Albertus Bernhardus Bartmann matriculated in 1883 through the University of the Cape of Good Hope and three years later was awarded the degree Bachelor of Arts (BA) by the same institution. He continued his studies at Victoria College, Stellenbosch, and in 1888 he (and W.C. Meredith) were awarded the degree Master of Arts (MA) in Mathematics and Natural Philosophy by the university, having passed its written examinations in the following papers: geometry, algebra and trigonometry; conics; differential and integral calculus; statics and hydrostatics; dynamics and hydrostatics; geometry of three dimensions; and geometrical optics. They were only the second and third recipients of this particular degree, following H.J.L. du Toit* in 1878, though an MA degree in Natural Science had also been awarded to C.F. Juritz* in 1886.
In June 1888 Bartmann was appointed assistant teacher at the public school in Stellenbosch, and a year later promoted to principal of the public school at Richmond. In April 1892 he became a deputy-inspector of schools in the Eastern Cape and then inspector of schools at Caledon, Western Cape, a post he held until 1896. He then moved to Pretoria, in the South African Republic (Transvaal), where he was appointed lecturer in mathematics at the Staatsgymnasium (government high school) in July 1897. That same year he applied for naturalisation as a citizen of the republic. There he remained until the outbreak of the Anglo-Boer War (1899-1902), when he resigned both his post and as a member of the Board of Examiners of the republic.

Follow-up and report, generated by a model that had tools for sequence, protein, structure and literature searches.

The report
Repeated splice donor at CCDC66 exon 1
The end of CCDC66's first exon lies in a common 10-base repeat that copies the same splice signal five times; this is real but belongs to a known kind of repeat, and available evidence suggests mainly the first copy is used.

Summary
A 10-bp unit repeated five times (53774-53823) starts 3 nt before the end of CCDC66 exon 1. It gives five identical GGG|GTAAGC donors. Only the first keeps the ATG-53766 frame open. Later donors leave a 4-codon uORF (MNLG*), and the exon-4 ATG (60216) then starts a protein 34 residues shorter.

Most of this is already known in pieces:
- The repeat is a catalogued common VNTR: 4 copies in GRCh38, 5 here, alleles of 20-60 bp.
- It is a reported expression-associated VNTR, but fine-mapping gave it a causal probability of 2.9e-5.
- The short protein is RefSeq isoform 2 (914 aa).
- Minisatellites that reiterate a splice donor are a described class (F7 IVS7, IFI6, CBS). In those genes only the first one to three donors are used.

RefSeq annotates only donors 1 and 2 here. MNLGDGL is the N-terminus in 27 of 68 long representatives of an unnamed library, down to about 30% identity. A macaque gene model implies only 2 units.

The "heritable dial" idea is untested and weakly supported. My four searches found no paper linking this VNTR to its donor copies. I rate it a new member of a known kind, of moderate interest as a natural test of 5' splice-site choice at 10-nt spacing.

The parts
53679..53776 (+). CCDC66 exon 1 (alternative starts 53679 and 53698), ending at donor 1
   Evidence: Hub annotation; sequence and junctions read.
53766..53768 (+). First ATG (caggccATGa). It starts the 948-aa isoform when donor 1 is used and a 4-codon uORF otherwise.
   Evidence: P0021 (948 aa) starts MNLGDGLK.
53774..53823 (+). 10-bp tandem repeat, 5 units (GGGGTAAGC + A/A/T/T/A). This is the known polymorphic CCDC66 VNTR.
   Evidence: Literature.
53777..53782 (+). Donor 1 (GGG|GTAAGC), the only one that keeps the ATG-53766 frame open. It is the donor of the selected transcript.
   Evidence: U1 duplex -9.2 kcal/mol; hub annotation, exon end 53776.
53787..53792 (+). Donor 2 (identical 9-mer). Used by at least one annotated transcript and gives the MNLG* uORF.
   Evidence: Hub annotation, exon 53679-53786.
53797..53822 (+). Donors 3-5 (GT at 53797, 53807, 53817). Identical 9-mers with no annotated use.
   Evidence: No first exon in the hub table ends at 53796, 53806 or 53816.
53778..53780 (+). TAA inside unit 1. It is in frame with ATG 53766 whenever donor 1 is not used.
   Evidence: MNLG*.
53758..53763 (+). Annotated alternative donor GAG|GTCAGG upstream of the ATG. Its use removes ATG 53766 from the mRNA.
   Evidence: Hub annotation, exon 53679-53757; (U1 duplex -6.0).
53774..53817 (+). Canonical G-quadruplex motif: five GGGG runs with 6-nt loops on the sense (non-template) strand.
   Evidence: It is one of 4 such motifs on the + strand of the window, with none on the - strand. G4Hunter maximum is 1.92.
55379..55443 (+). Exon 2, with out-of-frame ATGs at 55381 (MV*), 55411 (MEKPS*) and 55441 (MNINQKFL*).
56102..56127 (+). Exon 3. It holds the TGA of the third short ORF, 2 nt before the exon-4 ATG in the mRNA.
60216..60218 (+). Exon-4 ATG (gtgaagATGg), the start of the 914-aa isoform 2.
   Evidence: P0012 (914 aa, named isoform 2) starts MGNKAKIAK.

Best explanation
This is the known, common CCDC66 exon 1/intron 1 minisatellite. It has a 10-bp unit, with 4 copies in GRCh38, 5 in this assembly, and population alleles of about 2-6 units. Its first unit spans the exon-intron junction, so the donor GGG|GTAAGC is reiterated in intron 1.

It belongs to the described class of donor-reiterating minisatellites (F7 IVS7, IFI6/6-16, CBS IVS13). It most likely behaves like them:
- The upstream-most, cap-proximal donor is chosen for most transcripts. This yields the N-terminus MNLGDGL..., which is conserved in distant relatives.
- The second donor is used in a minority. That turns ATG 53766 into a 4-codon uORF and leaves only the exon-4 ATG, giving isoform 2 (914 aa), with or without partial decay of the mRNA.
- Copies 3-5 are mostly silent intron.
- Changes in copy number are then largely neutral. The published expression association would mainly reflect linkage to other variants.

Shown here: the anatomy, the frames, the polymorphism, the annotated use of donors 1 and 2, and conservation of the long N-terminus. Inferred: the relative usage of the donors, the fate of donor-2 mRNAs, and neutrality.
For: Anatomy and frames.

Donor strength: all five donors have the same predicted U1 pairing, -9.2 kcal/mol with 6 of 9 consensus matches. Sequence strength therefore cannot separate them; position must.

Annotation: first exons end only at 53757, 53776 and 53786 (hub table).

After the war Bartmann became Superintendent of Education of the Orange River Colony (now the Free State). In January 1906 he was appointed to a second chair in mathematics (the first being occupied by Prof. A.H. MacKenzie*) at Victoria College (from 1918 the University of Stellenbosch). He remained there until June 1921. In 1909 he was an examiner in mathematics for the second mining examination of the University of the Cape of Good Hope.